From The Author
As this book was coming together, a friend asked why I chose to make drawings rather than use photographs. It was a good question and when I explained the reason he said, “You should tell the readers that.” So I will.
In fact, I did take pictures—hundreds of them, recording each step as a knife was being made. When it came time to match the text to the images, I discovered a conflict between what I wrote and what was shown. For me as a teacher, personal involvement in problem-solving is more important than accurately following directions.
Let me use cooking as a metaphor. There is nothing wrong with using a cookbook, but good cooks see a recipe as a starting point. From there, a really great cook makes dozens of changes that range from the ingredients, to the slicing and dicing and on through to the presentation.
The pages that follow offer instructions on how to make about three dozen knives, always trying to make the point that the knives shown here are only examples of what can be made using the techniques presented. The problem with the photos was that they were too specific. My words might say, “Cut to a convenient length,” but the photo says, “Use a hacksaw, ruler, marker and vise to cut to 6.” That’s just what photos do; they show exactly what is happening at that moment, which unintentionally dampens creativity.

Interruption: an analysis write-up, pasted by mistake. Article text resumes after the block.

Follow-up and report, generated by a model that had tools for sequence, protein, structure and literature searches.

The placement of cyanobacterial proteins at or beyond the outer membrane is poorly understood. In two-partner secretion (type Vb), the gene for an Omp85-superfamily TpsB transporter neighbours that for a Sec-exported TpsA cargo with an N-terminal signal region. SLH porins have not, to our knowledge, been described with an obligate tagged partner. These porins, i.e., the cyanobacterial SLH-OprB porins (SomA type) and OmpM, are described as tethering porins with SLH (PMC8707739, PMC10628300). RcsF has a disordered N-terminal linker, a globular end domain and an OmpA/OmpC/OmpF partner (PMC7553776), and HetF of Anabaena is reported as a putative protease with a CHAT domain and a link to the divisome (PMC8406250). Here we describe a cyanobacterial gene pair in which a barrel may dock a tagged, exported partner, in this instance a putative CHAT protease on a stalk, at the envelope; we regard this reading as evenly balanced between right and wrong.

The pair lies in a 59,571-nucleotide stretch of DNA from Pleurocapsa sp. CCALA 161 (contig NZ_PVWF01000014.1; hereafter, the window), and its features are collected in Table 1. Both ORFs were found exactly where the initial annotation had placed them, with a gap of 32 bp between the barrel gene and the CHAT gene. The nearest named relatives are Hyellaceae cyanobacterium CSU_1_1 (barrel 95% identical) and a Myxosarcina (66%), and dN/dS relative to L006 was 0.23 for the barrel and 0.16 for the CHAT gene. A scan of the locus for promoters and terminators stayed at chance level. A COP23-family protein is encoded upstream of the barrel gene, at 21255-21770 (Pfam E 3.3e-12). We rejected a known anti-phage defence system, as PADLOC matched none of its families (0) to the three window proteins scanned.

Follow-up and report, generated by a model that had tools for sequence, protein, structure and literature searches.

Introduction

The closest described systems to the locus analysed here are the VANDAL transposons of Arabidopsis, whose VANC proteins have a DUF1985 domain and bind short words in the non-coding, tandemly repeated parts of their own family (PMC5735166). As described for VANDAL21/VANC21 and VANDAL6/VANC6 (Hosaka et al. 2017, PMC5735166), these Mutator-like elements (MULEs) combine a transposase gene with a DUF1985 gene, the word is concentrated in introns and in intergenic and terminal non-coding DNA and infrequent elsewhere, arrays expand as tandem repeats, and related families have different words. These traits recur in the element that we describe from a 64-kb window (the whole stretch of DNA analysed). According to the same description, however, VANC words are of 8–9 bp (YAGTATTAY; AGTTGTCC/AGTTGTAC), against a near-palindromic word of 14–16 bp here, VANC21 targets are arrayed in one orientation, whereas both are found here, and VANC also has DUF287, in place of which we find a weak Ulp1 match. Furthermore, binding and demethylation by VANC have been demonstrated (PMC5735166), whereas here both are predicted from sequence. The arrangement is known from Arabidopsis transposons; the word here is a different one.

So I turned to drawings. They allow me to focus on a particular point and, I hope, allow you to add your personal touches that will make the process more engaging, and make your knives unlike any others. Bon appétit!